Stimulus and National School Lunch Program

By Steven Gdula

Many schools across the country recently closed their doors to observe a weeklong Spring Break. The closing of the schools, however, also meant the closing of the cafeterias. Studies consistently show that the meals served in the lunchrooms of our public schools are the only meals needy students are guaranteed to receive on a regular basis. With the extended summer vacation quickly approaching, many children will again be without regular meals until classes resume in the fall. Some schools offer the Summer Food Service Program (SFSP) in their communities, providing breakfast and lunch to eligible students during the period when school is out of session. But a study undertaken by the USDA has shown that nearly 50% of the foods offered are wasted and never eaten. The reason? Some of the foods served, regardless of their health benefits, are not appealing to children. The thinking that hungry children would eat if only the foods were available isn’t necessarily true.

Addressing the problem of providing proper, affordable nutrition within the public school system has troubled presidential administrations just as it has challenged child nutrition advocates. Nixon is credited with increasing funds for free school lunches for the needy, creating a different type of “no child left behind” policy, whereas Sen. McGovern lobbied for privatizing the meals. According to Susan Levine’s book, School Lunch Politics, (Princeton University Press) McGovern’s hope was that by involving corporate food giants, students could be fed in a more economical way. Critics now blame this approach for have allowed vending machines and fast-food companies to establish a strong presence in America’s schools.

Now the focus among school lunch advocates is to provide affordable, nutritious meals that are locally grown—as local as on the school’s grounds in some cases—to promote a healthier attitude toward food. Activists and parents are calling for the ousting of food corporations with agribusiness ties in favor of sustainable foods in our school’s cafeterias (and I’ve been one of them.) But in this call to switch to organic foods and school-grown gardens, the issue that only gets occasionally mentioned is this: Kids are picky eaters. First Lady Michelle Obama gets points for saying, without hesitation, that sometimes her daughters look at the vegetables on their plate and recoil, “It’s green!”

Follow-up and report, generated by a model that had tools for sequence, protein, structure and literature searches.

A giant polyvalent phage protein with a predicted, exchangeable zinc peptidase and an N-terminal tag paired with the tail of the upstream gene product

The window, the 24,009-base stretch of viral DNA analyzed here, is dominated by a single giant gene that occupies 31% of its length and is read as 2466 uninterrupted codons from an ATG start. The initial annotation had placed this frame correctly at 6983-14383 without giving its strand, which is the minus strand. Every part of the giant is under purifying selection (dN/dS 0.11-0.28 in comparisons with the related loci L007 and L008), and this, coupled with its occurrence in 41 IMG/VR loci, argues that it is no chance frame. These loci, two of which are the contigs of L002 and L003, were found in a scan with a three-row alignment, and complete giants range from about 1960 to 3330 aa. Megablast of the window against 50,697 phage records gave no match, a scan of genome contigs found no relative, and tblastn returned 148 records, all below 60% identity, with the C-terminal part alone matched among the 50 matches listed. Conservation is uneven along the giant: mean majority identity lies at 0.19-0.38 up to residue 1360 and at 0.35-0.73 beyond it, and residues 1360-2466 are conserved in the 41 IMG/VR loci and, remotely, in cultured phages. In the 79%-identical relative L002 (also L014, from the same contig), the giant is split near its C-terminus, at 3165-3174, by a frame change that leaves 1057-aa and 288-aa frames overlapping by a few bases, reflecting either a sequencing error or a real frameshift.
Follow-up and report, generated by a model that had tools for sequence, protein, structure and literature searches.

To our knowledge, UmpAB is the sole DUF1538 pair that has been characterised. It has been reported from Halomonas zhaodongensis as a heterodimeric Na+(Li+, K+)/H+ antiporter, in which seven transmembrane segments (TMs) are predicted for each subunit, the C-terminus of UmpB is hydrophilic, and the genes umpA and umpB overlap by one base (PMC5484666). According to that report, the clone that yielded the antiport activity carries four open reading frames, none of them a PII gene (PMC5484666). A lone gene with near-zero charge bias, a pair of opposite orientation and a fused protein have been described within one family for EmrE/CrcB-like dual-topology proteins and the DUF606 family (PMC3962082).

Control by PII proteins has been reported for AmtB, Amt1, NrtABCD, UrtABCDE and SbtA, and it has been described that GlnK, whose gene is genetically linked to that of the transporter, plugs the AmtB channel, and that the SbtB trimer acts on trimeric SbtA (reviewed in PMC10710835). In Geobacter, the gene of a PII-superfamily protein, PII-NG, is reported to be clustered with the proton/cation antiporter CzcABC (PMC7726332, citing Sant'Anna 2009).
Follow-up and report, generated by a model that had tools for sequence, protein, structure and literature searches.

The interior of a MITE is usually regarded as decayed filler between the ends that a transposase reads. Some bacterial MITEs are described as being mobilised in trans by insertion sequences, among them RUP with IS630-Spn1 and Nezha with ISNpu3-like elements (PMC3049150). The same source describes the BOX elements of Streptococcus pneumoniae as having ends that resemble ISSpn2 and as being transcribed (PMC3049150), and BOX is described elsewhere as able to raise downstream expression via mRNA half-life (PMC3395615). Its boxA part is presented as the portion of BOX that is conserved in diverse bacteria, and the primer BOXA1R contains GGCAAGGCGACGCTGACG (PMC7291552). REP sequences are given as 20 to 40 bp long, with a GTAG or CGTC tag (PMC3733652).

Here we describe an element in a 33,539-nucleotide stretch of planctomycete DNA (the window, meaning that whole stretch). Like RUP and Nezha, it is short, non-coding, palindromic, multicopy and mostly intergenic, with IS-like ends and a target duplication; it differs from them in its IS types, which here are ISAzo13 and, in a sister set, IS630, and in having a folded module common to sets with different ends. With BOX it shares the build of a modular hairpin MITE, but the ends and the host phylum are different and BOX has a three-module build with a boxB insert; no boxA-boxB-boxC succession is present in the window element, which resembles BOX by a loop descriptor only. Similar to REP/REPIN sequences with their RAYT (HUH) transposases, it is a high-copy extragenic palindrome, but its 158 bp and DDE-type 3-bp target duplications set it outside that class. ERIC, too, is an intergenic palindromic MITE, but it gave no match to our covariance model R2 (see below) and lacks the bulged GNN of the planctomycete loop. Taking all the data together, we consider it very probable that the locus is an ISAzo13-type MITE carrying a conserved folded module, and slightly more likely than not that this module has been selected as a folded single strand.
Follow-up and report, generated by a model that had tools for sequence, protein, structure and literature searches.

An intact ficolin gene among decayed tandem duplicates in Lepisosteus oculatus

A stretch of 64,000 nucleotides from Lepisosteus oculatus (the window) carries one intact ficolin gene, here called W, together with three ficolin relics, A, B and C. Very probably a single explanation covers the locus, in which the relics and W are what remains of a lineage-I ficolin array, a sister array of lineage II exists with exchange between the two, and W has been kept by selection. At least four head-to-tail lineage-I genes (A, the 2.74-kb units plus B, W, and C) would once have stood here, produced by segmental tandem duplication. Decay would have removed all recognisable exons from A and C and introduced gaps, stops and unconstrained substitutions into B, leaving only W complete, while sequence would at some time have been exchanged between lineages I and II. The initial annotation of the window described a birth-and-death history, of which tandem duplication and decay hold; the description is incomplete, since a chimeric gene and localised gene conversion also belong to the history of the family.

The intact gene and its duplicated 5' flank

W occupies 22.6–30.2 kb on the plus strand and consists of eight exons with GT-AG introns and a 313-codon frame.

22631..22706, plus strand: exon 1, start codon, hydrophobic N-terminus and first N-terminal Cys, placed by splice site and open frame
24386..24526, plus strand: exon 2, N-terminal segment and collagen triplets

What all of this says is that you can lead a child to the breakfast, lunch or dinner table, but you can’t make them eat. As inspiring as it is to see the professional chefs like the Food Network’s Tyler Florence or internet sensation Chef Ann working to create healthy, affordable meals for our school children, maybe we’re asking the wrong people for help.

If child’s distaste for foods that are good for them overrides their own hunger, as evidenced by the waste in the USDA’s own study, why not give a new task to the people who made fast foods and junk foods so appealing to kids in the first place?

Advertisers, marketers, and no doubt research analysts, have spent countless dollars and just as many hours figuring out how to sell kids on sweetened cereals, impossibly hued soft drinks, and fat-laden snacks. That they’ve done this and have managed to make these foods so affordable—and have turned a profit—speaks to their skills.

Can’t we turn to these same minds now to work with nutritionists and chefs to help our students to view fresh, healthy foods in a new way? If it’s true that we eat first with our eyes, is there a way to give fruits, vegetables and low-fat foods an image makeover? Can’t we ask the people who caused the childhood obesity problem to help right it? If Wall Street is being held accountable for the mess they made, why isn’t Madison Avenue?

This might sound glib, but think about the effectiveness of School House Rock, the Saturday morning tutorials that ABC aired between cartoons in the 1970s. I’d be willing to bet that simply saying “Conjunction Junction” to Late Boomers and Early Gen Xers will elicit a response of “What’s your function?” even today. Could a “School Lunch Rap” change the way kids think about food now?

Calling for a sit-down between organic healthy food advocates and marketers and manufacturers of fast, or processed foods isn’t as unthinkable or incongruent of an idea as it might seem. Considering that the name attached to the most enduring school lunch program, Richard Russell, belongs to that of a “staunch segregationist,” according to Levine, it’s not impossible to imagine social or political opposites reaching out to one another to work toward feeding our children safely and healthily. If we expect those in our government to reach across the aisle, we in the private sector could start by extending a hand across the table.

Steven Gdula is a writer in San Francisco, Calif.

From The Progressive Populist, May 15, 2009

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